As much as I wave pom-poms for anyone, I wave them for Gabrych, who has waded through the guano in the Batverse like a trooper. So while everyone has their off months, I'm more inclined to grant him a mulligan. As long as he doesn't do it again.

Sunday, July 24, 2005


The problem with Mark Millar isn't that he spends too much time trying to be Warren Ellis or that he puts out wretched books like The Unfunnies and wonders why we don't fall over ourselves in praise. The problem with Millar is that he comes up with some great storylines and then sabotages them, either from sheer perversity or disinterest. Sometimes, as in the case of Ultimate X-Men, both at once.

I think the diagnosis is the former in this case. And not just because he whacked my favorite character in the series. As with Ult-X, during the second season of The Ultimates Millar has fallen in to the trap of some really exciting plot ideas being driven by some really unlikable characters. You could sort of see this coming last season with his domestic battery subplot, the remnants of which leave me in the awkward position of really wishing someone would beat Janet down after an issue in which she's hanging out with Hank, but it's spreading.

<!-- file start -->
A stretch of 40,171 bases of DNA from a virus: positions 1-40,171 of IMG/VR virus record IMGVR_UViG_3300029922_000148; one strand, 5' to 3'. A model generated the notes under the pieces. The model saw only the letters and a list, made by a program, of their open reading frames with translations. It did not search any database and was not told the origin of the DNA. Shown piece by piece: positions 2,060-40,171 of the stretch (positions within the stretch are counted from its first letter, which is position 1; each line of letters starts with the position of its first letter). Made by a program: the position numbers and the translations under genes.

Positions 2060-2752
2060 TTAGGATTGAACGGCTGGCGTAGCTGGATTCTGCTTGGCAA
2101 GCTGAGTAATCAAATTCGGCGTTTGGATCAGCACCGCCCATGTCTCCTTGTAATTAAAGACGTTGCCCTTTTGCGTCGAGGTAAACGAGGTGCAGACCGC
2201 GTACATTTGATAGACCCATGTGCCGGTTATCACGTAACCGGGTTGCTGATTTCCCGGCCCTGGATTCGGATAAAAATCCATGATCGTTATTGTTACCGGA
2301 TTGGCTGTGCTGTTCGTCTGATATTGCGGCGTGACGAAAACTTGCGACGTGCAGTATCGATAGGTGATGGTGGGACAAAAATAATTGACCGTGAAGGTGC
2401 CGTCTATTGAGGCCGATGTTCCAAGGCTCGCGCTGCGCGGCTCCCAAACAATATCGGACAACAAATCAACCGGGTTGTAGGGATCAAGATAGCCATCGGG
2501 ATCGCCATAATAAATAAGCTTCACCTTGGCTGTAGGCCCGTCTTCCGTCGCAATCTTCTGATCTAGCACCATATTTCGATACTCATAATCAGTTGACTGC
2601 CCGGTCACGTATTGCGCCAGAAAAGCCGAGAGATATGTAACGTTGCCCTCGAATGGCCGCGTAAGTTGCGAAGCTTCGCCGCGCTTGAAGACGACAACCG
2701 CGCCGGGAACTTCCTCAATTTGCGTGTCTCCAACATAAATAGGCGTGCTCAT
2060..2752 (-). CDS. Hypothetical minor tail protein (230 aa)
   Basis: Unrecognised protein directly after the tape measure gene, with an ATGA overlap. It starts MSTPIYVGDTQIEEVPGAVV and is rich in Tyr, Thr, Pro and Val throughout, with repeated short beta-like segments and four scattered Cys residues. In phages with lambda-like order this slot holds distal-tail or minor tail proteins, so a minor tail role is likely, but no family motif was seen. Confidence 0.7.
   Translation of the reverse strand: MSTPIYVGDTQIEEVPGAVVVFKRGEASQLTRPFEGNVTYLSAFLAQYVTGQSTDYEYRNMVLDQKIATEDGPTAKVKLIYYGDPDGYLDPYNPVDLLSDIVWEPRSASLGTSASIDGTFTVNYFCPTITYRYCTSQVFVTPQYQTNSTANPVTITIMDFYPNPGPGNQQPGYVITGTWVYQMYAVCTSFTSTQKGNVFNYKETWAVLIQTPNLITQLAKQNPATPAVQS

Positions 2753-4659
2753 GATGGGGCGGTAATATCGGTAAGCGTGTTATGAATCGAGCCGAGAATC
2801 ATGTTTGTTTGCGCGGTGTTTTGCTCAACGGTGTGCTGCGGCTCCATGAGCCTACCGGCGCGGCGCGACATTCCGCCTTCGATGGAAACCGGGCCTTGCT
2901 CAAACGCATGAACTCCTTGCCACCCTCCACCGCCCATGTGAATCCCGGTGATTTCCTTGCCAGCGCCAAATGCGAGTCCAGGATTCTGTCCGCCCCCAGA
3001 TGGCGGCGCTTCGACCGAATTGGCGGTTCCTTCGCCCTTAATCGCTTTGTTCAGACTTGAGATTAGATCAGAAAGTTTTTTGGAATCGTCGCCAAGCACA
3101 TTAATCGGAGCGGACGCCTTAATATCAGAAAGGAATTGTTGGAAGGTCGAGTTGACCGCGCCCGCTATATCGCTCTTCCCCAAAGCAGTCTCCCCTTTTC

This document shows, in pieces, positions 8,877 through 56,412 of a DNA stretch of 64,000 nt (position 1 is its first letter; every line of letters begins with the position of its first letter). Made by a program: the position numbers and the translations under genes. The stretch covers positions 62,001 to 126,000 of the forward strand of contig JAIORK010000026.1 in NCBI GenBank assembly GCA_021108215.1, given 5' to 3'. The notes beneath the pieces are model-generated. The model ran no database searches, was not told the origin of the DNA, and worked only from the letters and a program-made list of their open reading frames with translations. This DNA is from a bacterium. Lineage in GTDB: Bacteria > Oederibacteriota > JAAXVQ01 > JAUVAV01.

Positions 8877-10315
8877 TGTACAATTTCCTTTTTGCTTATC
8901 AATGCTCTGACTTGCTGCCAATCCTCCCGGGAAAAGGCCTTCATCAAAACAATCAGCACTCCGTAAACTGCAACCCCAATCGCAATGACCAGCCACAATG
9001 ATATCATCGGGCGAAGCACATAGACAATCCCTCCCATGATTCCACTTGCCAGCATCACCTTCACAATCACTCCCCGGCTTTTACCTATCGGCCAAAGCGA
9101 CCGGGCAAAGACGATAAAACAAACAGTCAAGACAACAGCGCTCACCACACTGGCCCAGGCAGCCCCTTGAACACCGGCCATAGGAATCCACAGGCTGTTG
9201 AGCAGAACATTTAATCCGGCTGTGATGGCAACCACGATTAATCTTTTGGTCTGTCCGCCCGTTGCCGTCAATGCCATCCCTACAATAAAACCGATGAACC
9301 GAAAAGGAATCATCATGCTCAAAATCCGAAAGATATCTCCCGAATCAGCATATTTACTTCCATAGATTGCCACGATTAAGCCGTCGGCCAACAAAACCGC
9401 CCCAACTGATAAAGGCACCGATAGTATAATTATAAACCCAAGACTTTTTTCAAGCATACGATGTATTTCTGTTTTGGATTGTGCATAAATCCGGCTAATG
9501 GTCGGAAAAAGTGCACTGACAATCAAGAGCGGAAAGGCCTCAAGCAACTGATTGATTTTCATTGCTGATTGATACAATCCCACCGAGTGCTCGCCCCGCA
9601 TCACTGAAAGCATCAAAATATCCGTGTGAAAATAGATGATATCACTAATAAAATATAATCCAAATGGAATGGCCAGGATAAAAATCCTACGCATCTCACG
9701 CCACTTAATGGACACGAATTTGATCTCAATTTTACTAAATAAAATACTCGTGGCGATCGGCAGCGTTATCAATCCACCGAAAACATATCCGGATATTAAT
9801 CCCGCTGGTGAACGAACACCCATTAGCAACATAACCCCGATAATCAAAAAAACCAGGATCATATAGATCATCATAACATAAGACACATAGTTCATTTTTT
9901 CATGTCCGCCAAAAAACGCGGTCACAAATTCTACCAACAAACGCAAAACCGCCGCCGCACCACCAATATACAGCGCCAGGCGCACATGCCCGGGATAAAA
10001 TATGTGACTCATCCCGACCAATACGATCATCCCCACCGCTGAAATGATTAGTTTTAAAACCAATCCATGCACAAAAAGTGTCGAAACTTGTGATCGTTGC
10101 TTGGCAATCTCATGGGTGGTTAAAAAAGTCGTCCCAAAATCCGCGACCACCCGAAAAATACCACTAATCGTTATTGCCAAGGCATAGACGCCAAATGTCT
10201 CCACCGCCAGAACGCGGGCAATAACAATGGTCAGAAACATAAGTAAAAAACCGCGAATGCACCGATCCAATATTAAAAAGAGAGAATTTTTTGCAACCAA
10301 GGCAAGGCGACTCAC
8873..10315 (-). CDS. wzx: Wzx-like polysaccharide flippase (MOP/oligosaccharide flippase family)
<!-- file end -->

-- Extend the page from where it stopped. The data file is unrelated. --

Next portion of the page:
Saturday, July 23, 2005


This was quite a bit more fun than it should have been. Especially with the heavy hints of a deus ex machina ending in next issue's season finale. Piotr renders a rambling Kitty speechless, Xavier turns the tables, and Logan gets some good lines and is well-used because he's barely used. And, oh, yeah, we're set up for one heckuva throwdown.

I wasn't a big fan of secondary mutations when they cropped up -- I still think Emma's was the only interesting/useful one and that because nobody at Marvel ever seems to know how to render telepaths uniquely -- and this latest twist on it, whatever Xavier turns out to be... Before the fact, it feels a little tired. Xavier has been hiding stuff from his proteges and students since the start -- not to mention faking his own death -- and so if Charlie turns out to be another Omega-level mutant (like Cable and Nate Grey and Magneto, etc.) or, heaven forfend, some demigodling-esque creature... to use Whedon against himself: Bored now.